Source:Computational Biology and Chemistry, Volume 75
Author(s): Maria Vittoria Modica, Jonathan Reinoso Sánchez, Andrea Pasquadibisceglie, Marco Oliverio, Paolo Mariottini, Manuela Cervelli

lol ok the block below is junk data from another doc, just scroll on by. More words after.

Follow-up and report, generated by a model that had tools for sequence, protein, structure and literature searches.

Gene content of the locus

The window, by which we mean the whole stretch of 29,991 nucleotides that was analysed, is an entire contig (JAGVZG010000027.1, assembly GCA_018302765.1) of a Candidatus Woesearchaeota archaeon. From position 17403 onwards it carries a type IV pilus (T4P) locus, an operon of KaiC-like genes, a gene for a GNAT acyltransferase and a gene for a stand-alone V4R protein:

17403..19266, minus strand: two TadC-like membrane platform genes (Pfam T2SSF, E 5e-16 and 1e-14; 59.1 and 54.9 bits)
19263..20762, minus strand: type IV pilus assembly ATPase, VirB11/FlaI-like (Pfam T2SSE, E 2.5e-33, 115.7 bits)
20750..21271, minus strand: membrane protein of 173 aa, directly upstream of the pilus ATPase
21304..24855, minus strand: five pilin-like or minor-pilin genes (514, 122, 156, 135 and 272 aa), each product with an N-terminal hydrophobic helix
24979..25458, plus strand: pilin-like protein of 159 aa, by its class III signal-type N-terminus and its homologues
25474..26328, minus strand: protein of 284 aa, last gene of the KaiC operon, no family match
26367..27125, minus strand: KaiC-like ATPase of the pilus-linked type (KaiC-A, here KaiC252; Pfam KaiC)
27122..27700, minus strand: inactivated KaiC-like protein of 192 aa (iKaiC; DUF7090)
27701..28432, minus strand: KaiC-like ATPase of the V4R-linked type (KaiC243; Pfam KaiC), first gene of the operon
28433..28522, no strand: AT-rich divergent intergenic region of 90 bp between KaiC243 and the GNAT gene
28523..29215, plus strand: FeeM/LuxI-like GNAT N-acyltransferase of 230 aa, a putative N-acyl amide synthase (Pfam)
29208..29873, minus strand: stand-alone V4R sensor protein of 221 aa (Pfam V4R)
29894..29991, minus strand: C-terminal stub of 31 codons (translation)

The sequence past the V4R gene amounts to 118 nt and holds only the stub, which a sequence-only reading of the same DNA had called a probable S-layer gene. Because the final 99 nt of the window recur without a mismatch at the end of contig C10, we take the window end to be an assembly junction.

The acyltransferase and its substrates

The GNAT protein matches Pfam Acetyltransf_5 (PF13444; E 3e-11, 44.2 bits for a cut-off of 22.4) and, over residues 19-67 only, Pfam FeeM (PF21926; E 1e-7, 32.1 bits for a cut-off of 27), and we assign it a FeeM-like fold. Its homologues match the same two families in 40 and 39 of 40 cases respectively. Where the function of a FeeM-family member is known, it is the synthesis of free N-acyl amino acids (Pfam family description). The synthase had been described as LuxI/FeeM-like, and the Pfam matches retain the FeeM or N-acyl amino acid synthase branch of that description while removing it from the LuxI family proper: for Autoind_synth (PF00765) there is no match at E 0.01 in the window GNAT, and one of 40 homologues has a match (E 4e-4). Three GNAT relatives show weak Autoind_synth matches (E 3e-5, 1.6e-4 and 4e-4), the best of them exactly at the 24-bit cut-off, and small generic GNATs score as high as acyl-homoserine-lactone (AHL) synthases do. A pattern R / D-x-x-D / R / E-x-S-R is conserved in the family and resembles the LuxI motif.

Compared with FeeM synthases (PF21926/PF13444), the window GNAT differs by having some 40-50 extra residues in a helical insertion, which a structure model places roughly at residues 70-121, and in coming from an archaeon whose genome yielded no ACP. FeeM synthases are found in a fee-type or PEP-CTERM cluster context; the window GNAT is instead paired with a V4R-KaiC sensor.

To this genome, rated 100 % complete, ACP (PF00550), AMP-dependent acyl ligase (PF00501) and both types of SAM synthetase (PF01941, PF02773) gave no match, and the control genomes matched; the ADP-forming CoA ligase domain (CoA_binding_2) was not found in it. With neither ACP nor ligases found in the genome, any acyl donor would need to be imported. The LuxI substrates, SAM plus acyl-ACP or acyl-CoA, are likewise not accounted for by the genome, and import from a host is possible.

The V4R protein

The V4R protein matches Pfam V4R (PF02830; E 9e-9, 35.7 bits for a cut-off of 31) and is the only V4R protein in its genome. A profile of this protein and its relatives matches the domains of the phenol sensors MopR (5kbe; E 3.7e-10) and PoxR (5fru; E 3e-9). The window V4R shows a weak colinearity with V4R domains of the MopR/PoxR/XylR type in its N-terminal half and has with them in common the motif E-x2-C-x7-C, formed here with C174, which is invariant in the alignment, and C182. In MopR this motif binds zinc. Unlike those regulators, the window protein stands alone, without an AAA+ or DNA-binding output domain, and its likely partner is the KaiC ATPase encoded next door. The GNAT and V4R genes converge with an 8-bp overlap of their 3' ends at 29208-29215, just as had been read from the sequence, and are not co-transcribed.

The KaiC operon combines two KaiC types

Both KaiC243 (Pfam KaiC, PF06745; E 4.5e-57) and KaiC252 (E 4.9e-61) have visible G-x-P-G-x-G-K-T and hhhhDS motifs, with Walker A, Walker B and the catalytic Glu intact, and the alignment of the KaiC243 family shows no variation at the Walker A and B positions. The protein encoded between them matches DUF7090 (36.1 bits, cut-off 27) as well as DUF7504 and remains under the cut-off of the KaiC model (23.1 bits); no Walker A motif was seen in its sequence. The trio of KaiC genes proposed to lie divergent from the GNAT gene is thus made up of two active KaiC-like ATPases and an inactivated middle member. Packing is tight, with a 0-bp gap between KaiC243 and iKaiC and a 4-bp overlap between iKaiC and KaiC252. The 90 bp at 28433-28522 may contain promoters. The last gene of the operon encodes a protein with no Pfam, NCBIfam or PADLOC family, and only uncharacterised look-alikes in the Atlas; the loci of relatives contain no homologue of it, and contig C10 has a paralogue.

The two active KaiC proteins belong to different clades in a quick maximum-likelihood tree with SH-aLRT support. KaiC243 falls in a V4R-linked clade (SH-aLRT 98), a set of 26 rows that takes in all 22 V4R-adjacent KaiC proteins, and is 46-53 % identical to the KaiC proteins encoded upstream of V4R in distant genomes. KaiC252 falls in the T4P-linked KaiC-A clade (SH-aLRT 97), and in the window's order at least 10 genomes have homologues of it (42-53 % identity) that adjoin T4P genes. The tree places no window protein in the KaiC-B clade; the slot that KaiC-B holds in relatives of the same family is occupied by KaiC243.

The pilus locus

Blood-feeding animals are known for their ability to produce bioactive compounds to impair haemostasis and suppress pain perception in the host. These compounds are extremely appealing for pharmacological development since they are generally very effective and specific for their molecular target. A preliminary RNA-Seq based characterization of the secretion from salivary and mid-oesophageal tissues of the vampire snail Cumia reticulata, revealed a complex mixture of feeding-related transcripts with potential anaesthetic and anticoagulant action. Based on the cloned full-length mRNAs, it was possible to verify the sequence of five genes encoding haematophagy-related products. The in silico modelled three-dimensional structure of each translational product was analysed to gain information on their potential biochemical activity. We have hereby validated and further investigated the assembled transcripts presumably involved in the antihaemostatic action, to improve our comprehensive understanding of this subset of the feeding secretion. The studied proteins included both inhibitors of primary haemostasis such as the vWFA domain-containing proteins, and compounds targeting different steps of the coagulation cascade, as e.g. the Turripeptide-like/protease inhibitor, the TFPI-like multiple Kunitz-type protease inhibitors, the Meprin-like metalloproteases and the Astacin/ShKT-like domain-containing proteins. All these molecules showed promising potential for pharmacological development.